Site structure is complicated, and we haven’t done enough to simplify it at Feast Design Co. Not only does it help search engines understand and crawl content, it helps visitors find related recipes, and it helps the blogger focus on what’s important.
As of 2019, we’ll be recommending a simpler website structure that will save bloggers time by removing unnecessarily complex pages, such as recipe indexes and blog pages. This new website structure consists of:
- The home page
- The category pages (really, these are all recipe indexes)
- Recipe pages (more specifically, posts)
The vast majority of food blogs generate income by displaying ads on their posts. This means that the ultimate goal of your home page and category pages is to drive visitors to your posts.
This aligns with the mental framework of breadcrumbs, which should display as:
Home Page > Category Page > Recipe Post
This means that development will be focused on enhancing these pages, based on priority.
In order of importance, bloggers should spend their time working on:
- Recipe pages
- Category pages
- The home page
You’ll notice that these are reversed in order of the site structure. Conceptually, many recipe pages should fall into fewer numbers of categories, which should be logically displayed on the homepage. This reflects the real world structure of recipe books: recipes are on individual pages (posts), organized by chapters (categories), and consolidated by the index (home page).
These have traditionally been overlooked by food bloggers, and represent possibly the best return-on-investment (your time) that you can focus on. Each category page has the same needs as a recipe posts, with the content:
- Being keyword-driven
- Explaining why your recipes are the best
- Explaining what the recipes on this page have in common
The category page content is edited in the Posts -> Categories -> Edit Category -> Category Archive Settings components – Archive Headline and Archive Intro Text areas.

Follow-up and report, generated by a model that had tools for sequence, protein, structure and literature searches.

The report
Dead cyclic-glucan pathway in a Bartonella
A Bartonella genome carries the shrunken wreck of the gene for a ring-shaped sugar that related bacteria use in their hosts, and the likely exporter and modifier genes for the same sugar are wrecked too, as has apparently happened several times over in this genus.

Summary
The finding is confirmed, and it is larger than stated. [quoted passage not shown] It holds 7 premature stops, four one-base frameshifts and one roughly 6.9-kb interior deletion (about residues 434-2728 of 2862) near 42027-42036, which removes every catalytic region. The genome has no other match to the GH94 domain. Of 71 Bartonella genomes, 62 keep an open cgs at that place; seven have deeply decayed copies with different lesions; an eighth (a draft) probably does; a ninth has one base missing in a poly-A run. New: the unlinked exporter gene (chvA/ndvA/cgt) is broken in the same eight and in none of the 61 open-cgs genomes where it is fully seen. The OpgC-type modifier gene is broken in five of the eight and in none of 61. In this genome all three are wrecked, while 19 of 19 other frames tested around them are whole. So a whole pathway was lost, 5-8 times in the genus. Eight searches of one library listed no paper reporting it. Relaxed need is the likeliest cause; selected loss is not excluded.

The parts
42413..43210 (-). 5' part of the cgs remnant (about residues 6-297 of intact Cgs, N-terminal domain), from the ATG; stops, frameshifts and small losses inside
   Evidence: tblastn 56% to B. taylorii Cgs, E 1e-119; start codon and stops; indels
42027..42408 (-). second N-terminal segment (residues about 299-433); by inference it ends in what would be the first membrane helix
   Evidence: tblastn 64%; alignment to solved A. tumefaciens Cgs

Just like your recipe posts, you want to aim for high-quality, relevant and unique content. 300 – 500 words is a good start.
And just like your recipe posts, the content here should be keyword-driven to be unique to that page. You don’t want to try to overlap the content and keywords too much with your individual recipe posts. But you do want to use keywords such as “recipe” in the Archive Headline.
Category slug: we recommend going simple on this – /chicken is better than /chicken-recipes. Let the Archive Headline field handle the keyword optimization.
Another best practice is to manually link to you top performing posts within that category, in the Archive Intro Text box. You can determine what your top performing posts are by analyzing your Google “Webmaster Tools” -> Search Traffic -> Search Analytics -> Pages information.
Broadly speaking, new bloggers should avoid creating nested categories (eg. category under a category). A single category can comfortably fit 20+ posts, and when you grow beyond that, it may make more sense to split the category based on the keywords the page is receiving to make it more highly relevant. A “chicken casserole” is a
In relatively rare cases (top food bloggers with 500+ posts), having 5-10 sub categories of “chicken recipes” under a main “chicken category” might make sense. At this point, hiring an SEO specialist such as Casey Markee to make recommendations to your specific site is a better move.
The Home Page
As much as possible, you want to set this up once and review it yearly. With the widgitized home page built into all Feast Design Co. themes, this is simple.
Many food bloggers have posts and pages unrelated to recipes, such as an “About Me”, “Shop” or “Landing” page. These kinds of pages are best set up as WordPress “Pages”, rather than inter-mingled with posts.
Note: “Landing page” is just a term used to describe a page that you send people to. Technically, this is every publicly accessible page on your website. Some bloggers set up “landing pages” to pitch visitors on a course they’ve developed or a book they’ve written – the simplest way to do this is to create a regular WordPress “Page” and select the “Full Width” layout on that page:
For blogs that have arts and crafts or other non-food related content, you can also create a category specifically for this as well.
Avoid Custom “Templates” At All Costs
This is Skylar’s personal preference when creating a page, and goes contrary to how Feast Design Co. has recommended doing things like recipe indexes and “blog pages” in the past. They provide a false sense of simplicity and are difficult to customize and maintain.